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Pro-Pyongyang newspaper reacts coldly to Lee's invitation

All Headlines 16:25 May 11, 2011

SEOUL, May 11 (Yonhap) -- A pro-North Korean newspaper in Japan claimed on Wednesday that Pyongyang is working hard to achieve denuclearization, but indicated the North is unlikely to accept South Korean President Lee Myung-bak's conditional invitation to North Korean leader Kim Jong-il to an international nuclear summit, calling it an "impure attempt."

The comment by Chosun Sinbo, the mouthpiece of the communist regime in Pyongyang, came two days after Lee made the overture in Berlin that he will invite the reclusive North Korean leader to the Nuclear Security Summit in Seoul next year if Pyongyang makes a firm pledge toward denuclearization.

The newspaper is widely believed to represent the position of North Korea, whose government has yet to make an official response to Lee's proposal.

The North pledged to abandon its nuclear weapons programs in an aid-for-disarmament deal reached with the United States, South Korea and other regional powers, but it walked out of the talks in 2009.

The North later expressed its interest in returning to the nuclear talks, but its refusal to take responsibility for its two deadly attacks on South Korea has hindered diplomatic efforts to revive the talks that also include China, Russia and Japan.

Chosun Sinbo said the North is trying to achieve denuclearization of the Korean Peninsula, repeating Pyongyang's official line that it is the "dying wish" of North Korea's founder Kim Il-sung, the late father of current leader Kim Jong-il.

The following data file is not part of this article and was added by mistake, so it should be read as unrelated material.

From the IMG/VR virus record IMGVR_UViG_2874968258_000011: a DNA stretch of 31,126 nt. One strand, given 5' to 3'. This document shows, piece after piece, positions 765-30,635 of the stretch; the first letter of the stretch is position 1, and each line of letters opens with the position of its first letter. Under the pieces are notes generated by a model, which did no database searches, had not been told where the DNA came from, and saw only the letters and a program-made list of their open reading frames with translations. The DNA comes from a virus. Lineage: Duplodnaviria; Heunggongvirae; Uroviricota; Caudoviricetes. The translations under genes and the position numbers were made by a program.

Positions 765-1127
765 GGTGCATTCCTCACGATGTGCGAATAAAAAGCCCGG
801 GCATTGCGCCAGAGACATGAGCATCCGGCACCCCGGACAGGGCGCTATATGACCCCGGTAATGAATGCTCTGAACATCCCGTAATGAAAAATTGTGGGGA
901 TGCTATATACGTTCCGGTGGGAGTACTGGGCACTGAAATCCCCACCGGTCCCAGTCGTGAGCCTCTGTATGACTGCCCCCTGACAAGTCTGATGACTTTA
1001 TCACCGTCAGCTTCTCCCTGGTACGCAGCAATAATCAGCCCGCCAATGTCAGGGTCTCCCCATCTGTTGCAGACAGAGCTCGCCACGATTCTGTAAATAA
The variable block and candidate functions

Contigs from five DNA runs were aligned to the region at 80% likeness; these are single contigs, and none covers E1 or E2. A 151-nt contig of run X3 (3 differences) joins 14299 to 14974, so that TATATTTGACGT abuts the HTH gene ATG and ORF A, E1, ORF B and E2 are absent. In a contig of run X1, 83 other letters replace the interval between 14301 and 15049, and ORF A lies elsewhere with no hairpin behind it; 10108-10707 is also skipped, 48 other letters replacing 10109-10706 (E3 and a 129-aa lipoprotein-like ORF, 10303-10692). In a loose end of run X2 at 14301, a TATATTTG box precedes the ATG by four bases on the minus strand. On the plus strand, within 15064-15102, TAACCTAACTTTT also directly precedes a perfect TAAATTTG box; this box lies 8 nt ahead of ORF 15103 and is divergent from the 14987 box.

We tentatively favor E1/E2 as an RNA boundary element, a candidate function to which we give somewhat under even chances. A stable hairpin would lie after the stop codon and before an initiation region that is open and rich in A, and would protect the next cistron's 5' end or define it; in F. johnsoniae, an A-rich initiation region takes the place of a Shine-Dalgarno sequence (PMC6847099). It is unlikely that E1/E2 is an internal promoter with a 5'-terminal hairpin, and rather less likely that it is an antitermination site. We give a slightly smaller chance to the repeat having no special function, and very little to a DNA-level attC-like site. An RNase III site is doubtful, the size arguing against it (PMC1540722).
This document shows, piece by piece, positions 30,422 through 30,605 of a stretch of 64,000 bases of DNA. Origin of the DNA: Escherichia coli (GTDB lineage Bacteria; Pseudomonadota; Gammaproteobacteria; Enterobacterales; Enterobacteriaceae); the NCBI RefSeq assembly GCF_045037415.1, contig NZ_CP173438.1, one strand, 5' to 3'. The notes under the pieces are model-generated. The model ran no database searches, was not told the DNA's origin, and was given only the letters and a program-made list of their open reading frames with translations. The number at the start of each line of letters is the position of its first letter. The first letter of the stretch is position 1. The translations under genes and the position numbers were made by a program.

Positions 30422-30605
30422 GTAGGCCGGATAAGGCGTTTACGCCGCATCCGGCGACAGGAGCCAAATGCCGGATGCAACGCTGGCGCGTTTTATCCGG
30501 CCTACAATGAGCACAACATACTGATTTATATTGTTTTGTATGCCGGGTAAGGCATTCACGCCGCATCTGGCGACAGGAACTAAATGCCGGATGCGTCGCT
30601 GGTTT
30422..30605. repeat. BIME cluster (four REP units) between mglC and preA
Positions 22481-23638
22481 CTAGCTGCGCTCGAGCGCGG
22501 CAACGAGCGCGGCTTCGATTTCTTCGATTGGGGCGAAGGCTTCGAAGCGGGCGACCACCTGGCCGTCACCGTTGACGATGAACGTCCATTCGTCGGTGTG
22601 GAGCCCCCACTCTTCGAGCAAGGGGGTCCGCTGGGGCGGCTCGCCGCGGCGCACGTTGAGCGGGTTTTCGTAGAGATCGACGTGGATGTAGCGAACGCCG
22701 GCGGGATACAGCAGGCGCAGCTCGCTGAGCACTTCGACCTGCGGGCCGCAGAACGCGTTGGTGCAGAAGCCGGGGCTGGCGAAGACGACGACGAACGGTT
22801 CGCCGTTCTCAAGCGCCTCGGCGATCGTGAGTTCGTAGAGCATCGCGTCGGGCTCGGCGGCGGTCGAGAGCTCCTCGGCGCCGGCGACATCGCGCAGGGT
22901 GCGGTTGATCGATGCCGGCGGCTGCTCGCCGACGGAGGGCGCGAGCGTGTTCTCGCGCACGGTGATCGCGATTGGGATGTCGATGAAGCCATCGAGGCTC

The newspaper also called on South Korea to review Kim's proposal for summit talks with Lee, noting "the situation on the Korean Peninsula is at a crucial juncture."

Kim extended the olive branch to Lee in a message former U.S. President Jimmy Carter brought to Seoul after his trip to Pyongyang in late April. Carter was not allowed to meet with either Kim or Lee during his recent trips to Pyongyang and Seoul.

Seoul has downplayed Kim's overture for dialogue and called on the North to speak directly to Seoul, not through a third party.

The newspaper also said Lee's proposal in Berlin is not a direct response to Kim's personal message for dialogue with South Korea.

It also suggested that the North would not offer an apology for its two attacks on the South last year that killed 50 South Koreans, despite Seoul's longstanding demand for an apology over the provocations.

The leaders of the two Koreas held summit talks in 2000 and 2007.
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